How to pick the right toothbrush?
Picking our own toothbrush is hard enough, there are so many options from color and material to softness. But picking out the best toothbrush for our canine friends is even more confusing. What do dogs care about when it comes to toothbrushes? Well, as it turns out… size! Yes, size does matter. Especially when we are talking about canine toothbrushes.
When choosing the right toothbrush for your dog, the size of your dog is one of the most important things to think about. Toothbrushes for bigger dogs need to be bigger, have longer handles, and bristles on both sides. A longer handle will make it easier for you to reach the back of your dog’s mouth. If you have a tiny canine, a small toothbrush with a shorter handle will be just fine.
Also, don’t forget to change the toothbrush your dog uses often. That’s why it’s easiest to buy your dog’s favorite toothbrush in a pack of two. This will not only be more useful, but it will also save money and reduce the amount of waste from packaging.
What about toothpaste?
Now toothpaste will be a bit more tricky. Because it has to be something that tastes decent enough for your dog not to hate it. Yes, even though your dog enjoys chewing on your old, smelly shoes, he can still be repelled by the taste of toothpaste.
You can buy different kinds of toothpaste in pet shops and see which one your dog likes the best. However, you can also try making a DIY toothpaste.
Good, well-rounded dog toothpaste can sometimes be very expensive. Luckily, these ingredients for dog-friendly toothpaste are cheap, and most of us already have them at home. Many recipes for homemade dog toothpaste include things like coconut oil, bouillon, and broth.
Baking soda is a pretty common ingredient as well. It works as a mild abrasive and also gets rid of smells. But you should be careful. Baking soda is fine to eat in small amounts, but more than that could give your dog an upset stomach.
Can I clean my dog’s teeth without brushing them?
Yes, you can theoretically clean your dog’s teeth without brushing them. However, it won’t be nearly as effective, and you won’t get fully rid of bacterial plaque and tartar form on your dog’s teeth. We do not recommend this method, but it can be used in-between brushing. But don’t forget that besides all of that your dog still needs an occasional visit to the veterinary dentist.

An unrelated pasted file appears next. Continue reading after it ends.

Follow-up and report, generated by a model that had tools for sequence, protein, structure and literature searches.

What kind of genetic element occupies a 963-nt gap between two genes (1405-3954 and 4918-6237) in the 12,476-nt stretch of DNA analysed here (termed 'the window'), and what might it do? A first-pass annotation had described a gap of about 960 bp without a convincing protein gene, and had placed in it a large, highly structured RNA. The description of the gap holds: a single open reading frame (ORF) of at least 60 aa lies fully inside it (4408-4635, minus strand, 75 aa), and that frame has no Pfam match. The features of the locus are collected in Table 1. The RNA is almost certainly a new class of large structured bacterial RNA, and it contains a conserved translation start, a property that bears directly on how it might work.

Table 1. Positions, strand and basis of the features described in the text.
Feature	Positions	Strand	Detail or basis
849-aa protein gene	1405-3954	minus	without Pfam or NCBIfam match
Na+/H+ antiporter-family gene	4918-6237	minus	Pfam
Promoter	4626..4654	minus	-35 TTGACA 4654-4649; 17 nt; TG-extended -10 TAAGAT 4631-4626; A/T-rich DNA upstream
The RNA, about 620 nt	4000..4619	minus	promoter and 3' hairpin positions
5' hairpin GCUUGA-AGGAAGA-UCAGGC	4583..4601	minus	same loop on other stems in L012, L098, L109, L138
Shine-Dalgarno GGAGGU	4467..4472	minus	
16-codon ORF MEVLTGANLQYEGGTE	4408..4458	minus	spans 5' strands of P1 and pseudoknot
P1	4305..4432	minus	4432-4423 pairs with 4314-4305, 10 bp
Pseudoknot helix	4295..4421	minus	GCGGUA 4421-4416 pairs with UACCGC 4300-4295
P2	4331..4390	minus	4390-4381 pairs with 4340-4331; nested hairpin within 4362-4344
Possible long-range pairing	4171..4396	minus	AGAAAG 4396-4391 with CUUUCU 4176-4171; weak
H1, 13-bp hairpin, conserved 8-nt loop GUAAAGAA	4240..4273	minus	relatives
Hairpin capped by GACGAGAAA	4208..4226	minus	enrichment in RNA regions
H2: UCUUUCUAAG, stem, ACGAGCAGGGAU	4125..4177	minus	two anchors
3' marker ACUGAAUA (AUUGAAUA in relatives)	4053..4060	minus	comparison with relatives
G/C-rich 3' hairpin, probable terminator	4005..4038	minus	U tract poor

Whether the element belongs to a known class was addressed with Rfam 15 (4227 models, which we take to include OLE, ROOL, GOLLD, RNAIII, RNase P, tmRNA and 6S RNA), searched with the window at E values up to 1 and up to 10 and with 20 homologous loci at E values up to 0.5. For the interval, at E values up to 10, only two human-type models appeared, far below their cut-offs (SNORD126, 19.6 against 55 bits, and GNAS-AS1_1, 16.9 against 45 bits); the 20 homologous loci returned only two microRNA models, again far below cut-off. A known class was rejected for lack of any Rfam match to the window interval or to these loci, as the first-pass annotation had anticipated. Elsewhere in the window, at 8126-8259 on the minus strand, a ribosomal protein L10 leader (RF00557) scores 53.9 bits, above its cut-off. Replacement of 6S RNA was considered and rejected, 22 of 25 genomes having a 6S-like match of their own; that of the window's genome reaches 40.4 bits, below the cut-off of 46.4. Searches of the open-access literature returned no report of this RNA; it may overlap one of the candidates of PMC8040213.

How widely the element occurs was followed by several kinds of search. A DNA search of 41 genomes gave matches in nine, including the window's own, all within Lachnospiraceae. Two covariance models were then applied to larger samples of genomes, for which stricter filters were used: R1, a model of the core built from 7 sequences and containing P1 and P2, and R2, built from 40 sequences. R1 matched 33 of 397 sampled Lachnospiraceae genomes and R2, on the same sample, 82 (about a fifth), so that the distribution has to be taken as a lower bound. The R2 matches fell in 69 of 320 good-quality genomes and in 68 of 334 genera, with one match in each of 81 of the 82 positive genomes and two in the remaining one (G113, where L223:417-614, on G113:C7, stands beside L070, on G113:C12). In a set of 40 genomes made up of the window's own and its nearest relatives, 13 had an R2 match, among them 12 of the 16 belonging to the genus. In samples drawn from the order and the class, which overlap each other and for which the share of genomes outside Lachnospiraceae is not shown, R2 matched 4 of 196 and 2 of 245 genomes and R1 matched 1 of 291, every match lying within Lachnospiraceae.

One of the most common ways is to give your dog dry food. Unlike wet food, dry food has a crunchy texture. So while your dog enjoys its food and crunches on it, it is also fighting plaque and tartar buildup.
You can feed your dog any kind of kibble or dry food. But there are also many brands of dog food that are made to help clean a dog’s teeth while it eats. But we do need to say it one more time. This won’t work in the long run. Your dog’s teeth still need to be brushed.
If you don’t want to brush your dog’s teeth, you might want to get them dental treats instead. The way dental treats work is that they have certain ridges and grooves in them. This helps clean your dog’s teeth and mouth of plaque and tartar.
The most common dental disorders of dogs: Infections
Let’s now take a look at enemy number one when it comes to our dog’s dental health. Bacterial infections and inflammation of the gums are the most common dental disease in all dog breeds. Early detection is important because in severe cases, simple teeth infections could lead to serious side effects such as heart disease. This is because bacteria from the mouth get into the bloodstream, seriously damage the heart, and cause problems with other organs.
A dog tooth infection doesn’t always show any signs. They can sometimes drink, eat, and act like everything is normal. That’s why you should be on the lookout for subtle signs of dental problems.
If a dog has a tooth infection, they might not want to eat hard treats or food in general, or they might drop pieces of food while they are eating. They may also stop chewing on their favorite toy, have bad breath, and pull away if you try to touch their face or mouth.